Things Prince George And Prince Louis Can Never Do In Their Lifetimes

When we think of the British Royal Family, we might think of all the pomp and circumstance that surrounds their life events like weddings, funerals, and coronations; we might think of the fabulous fashion that they're lucky enough to wear; we might think of the countless homes they have across multiple countries. But all of this privilege comes with some hangups and rules that royal fans might not be aware of.

Because the monarchy stretches back so many centuries, it makes sense that even though the current royals have taken steps to modernize the firm and bring its values and expectations into the 21st century, some rules that might seem outdated or strange are still hanging on. While the average citizen of the United Kingdom is likely to be able to choose who they marry, who they fly on a plane with, and which religious institution they do or do not want to be a part of, the same is not true for some members of the royal family, like the young princes George and Louis, children of William and Catherine, Prince and Princess of Wales.      

Monarchs must be part of the Church of England

While this might surprise people living in the United States, where religious freedom is guaranteed for all people, including the leaders of government, the sovereign of the United Kingdom is required to be "in communion" with the Church of England (via University College London). This rule dates all the way back to the days of the infamous King Henry VIII, who himself became the first head of the Church of England after the Reformation, when England separated from the Roman Catholic Church. 

Still to this day, the sovereign is named the Church's 'Supreme Governor," and as such, the King or Queen of England is not allowed to break from the Church of England or to be a Roman Catholic or any other religion. Because Prince William is next in line to the throne, this rule applies to him, and because his eldest son Prince George is in line for the throne after him, this rule is likely to apply to him as well.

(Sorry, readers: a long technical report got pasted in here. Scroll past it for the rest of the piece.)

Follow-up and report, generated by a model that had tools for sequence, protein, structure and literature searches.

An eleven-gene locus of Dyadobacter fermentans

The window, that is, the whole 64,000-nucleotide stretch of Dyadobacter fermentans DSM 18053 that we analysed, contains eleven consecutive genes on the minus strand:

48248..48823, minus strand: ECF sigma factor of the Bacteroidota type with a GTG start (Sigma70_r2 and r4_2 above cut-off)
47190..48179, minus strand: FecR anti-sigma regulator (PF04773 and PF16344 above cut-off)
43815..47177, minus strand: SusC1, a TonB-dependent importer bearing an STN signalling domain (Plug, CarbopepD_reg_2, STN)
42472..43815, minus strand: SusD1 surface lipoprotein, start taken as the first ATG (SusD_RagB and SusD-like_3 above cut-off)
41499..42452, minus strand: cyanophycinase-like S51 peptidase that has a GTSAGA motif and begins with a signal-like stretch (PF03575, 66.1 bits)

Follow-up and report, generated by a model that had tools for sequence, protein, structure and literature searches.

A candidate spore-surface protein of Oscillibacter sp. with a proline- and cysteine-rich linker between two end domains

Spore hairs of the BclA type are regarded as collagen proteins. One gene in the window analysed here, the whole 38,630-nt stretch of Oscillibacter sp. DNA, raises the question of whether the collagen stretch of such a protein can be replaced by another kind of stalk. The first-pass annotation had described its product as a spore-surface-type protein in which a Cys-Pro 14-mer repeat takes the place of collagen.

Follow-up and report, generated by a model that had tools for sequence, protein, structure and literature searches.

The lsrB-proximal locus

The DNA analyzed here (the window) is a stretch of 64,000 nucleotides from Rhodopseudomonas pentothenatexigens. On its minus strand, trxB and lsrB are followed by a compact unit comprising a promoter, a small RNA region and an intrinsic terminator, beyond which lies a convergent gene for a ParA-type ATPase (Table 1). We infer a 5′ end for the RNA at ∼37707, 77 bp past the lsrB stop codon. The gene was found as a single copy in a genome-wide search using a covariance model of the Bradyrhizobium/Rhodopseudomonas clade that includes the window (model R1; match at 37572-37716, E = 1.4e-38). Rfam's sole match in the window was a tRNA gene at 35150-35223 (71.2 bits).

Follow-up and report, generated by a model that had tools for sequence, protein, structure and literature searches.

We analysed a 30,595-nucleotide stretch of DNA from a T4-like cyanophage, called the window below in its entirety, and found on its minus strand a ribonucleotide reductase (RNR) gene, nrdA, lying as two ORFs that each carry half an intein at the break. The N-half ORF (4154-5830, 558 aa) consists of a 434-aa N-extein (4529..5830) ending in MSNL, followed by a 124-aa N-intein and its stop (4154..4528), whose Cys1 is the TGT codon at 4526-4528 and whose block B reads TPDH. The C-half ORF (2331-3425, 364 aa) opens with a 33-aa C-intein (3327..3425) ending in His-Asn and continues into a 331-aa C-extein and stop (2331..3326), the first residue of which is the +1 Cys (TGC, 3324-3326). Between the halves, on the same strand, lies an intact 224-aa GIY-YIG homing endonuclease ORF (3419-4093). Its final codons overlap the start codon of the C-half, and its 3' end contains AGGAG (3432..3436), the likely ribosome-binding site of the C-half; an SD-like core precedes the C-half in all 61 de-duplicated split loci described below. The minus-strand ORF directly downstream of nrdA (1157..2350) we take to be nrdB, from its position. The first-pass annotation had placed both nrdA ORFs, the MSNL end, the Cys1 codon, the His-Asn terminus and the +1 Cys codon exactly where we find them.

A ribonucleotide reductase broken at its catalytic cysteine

Potential future monarchs require permission to marry

Another rule that will apply to George, Charlotte, and Louis dates all the way back to The Royal Marriages Act of 1772 (via This act of the Parliament of Great Britain imposed conditions under which members of the royal family were allowed to legally marry. At the time, the sovereign was given the right to veto any proposed marriage of any member of the royal family in an effort to protect the firm from any marriage that might "diminish the status of the royal house."

Obviously, in the modern age, this feels immensely outdated, and so in 2011, the Perth Agreement made an adjustment to this part of the act. Under the Succession to the Crown Act of 2013, the new rule is that the first six people in the line of succession require permission from the monarch to get married if those members of the family would like their future children to be included in the line of succession. In other words, these members of the firm don't technically have to get approval from the King or Queen to marry, but if they want their children to be in line for the throne, they do. 

Because all three of William and Catherine's children are within the first six people in line for the throne, this rule will apply to all of them unless something changes in the future. 

They can't sign autographs